3rd May 2012
Last week, a massive Canadian retirement scheme joined up with a consortium of Japanese pension funds and banks to set up a $20bn infrastructure fund that will invest in major projects such as airports and roads.
The fund joins the growing infrastructure trend – pension managers like the security of long term, usually inflation-linked, returns that are in excess of bond yields – but here the almost unique selling proposition is that the assets will be controlled internally, cutting out expensive intermediary layers. Infrastructure funds have traditionally been sponsored by investment banks, private equity firms and other asset managers.
Ontario Municipal Employees Retirement System (OMERS) has committed $7.5 billion together with Japan's Pension Fund Association and a consortium led by Mitsubishi Corporation, Japan's largest trading house, toward the new fund.
A drop in the ocean
But this is a mere drop in the ocean – estimates from pensions consultants Mercers, which has recently geared up its infrastructure team, suggest that the percentage of pension fund assets devoted to longer-term infrastructure projects will rise more than five-fold over the next decade from some 2 per cent of funds to as much as 15 per cent of assets.
New Mercers signing Toby Buscombe said: "The current investment landscape is an exciting one for long term investors such as pension funds, and these investors are likely to have a greater role to play in the provision of finance to new projects, an area where we hope to be able to provide them with assistance and advice."
Rival consultants Towers Watson come up with similar figures – talking of $3.5trn.
And that again is small-scale compared with the Organisation for Economic Co-operation and Development''s that $53 trn, equivalent to an annual 2.5 percent of global gross domestic product, will be needed to meet demand for roads, hospitals, railways and telecoms systems over the coming decades.
Infrastructure has become a fast growing asset class in the last decade. The lower returns than equities or property have their compensation in stable cash flows, generally hedged against inflation and are underpinned by physical assets such as roads and pipelines. It appeals to pension and other long term funds which need to match liabilities to assets.
It's large-scale public systems, services, and facilities of a country or region that are necessary for economic activity, including those which have often been provided by government.
Economic infrastructure includes highways, water and sewerage facilities, and energy distribution and telecommunication networks whereas social infrastructure stakes in education, hospitals, public housing and prisons. The UK has seen a number of projects in student and other housing.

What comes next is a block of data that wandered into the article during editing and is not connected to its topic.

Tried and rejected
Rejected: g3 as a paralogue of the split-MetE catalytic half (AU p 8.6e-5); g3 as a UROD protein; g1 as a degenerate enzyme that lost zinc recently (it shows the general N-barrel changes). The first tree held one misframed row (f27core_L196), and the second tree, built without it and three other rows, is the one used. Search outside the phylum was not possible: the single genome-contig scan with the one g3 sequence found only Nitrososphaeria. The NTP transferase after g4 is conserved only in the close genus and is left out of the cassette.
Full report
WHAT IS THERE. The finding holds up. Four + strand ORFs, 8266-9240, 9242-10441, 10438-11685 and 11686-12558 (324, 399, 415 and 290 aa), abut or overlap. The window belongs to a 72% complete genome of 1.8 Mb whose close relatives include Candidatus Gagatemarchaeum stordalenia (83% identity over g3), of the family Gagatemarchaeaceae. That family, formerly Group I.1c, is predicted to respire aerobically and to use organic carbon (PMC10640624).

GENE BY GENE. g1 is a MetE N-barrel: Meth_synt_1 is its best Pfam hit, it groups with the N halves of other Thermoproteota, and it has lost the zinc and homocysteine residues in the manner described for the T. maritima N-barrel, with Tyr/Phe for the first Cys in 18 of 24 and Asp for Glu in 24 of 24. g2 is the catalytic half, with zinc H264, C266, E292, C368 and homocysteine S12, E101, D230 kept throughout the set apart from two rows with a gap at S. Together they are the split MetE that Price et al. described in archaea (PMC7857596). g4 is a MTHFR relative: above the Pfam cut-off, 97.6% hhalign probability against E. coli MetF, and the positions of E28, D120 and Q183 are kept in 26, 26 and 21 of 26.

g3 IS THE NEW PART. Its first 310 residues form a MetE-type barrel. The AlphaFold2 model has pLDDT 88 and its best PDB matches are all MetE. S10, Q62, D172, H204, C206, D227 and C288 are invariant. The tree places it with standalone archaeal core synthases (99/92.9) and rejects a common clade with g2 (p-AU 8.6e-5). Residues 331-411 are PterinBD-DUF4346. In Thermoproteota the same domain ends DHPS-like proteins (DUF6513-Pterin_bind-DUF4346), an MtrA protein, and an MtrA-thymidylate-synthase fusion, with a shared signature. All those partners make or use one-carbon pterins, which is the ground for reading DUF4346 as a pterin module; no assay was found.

These projects have huge upfront costs and are often natural monopolies – you can only have one fast rail line between two cities so returns are usually regulated. Investors expect to see cash flowing for 30 or more years.
What distinguishes in infrastructure from more traditional equity or debt investments?
Infrastructure investors expect to invest in a single asset – like property but unlike real estate, those putting their money up do so for a set time with assets often reverting to the state (in some form). After 30 years, for instance, university housing becomes the property of the university in many schemes. Unlike bonds, there is always a real asset and unlike equities, the risk of prices rising or falling should not exist.
No investment is risk-free.
Here's some potential problems
Infrastructure investment is for the patient. The returns are slow and relatively secure but need not be low, certainly not as low as present bond yields or equity dividends although capital growth is not generally on the agenda. These are defensive assets, with steady payments through economic cycles, and are not correlated with other asset classes.
So where is the bubble?
If the growth predictions are correct, then there could be too much money chasing too few assets. This could be especially so if returns on equities and bonds remain low. And because there is no active market in infrastructure stakes, it can be difficult to work out exactly when the price is wrong. There is a lack of expertise in many fund management groups so they may be reliant on the same bullish consultants and bankers.
And there could be solvency problems for pension funds, according to bond ratings agency Fitch.
It has warned that "the future ability of insurance firms to invest in infrastructure projects is likely to depend on whether they use internal models to determine their Solvency II capital requirements, and can persuade regulators that infrastructure investment merits lower capital reserves." Solvency II is a European Union directive.
According to Fitch, infrastructure investments can be suited to insurers because their cash flow features and long duration are a good match for insurers' long-term liabilities.
"However," it warns "these investments are treated penally under current proposals for the stan
dard formula, and the high capital charges mean that the risk-adjusted returns would be relatively low."
"Every infrastructure project is different and risk can vary significantly between projects," Fitch added.
Green, investment and bank in one phase
Meanwhile, in the UK, the yet to be launched Green Investment Bank has already had £180m pledged for green infrastructure, starting withwaste projects.
The bank is being established to "tackle risk that the market cannot adequately finance" in order to quicken the UK's transition to a low carbon economy. It will invest up to 80 per cent of its £3 billion budget over the first three years in five priorities areas – offshore wind, commercial and industrial waste and recycling, energy from waste, and non-domestic energy efficiency.
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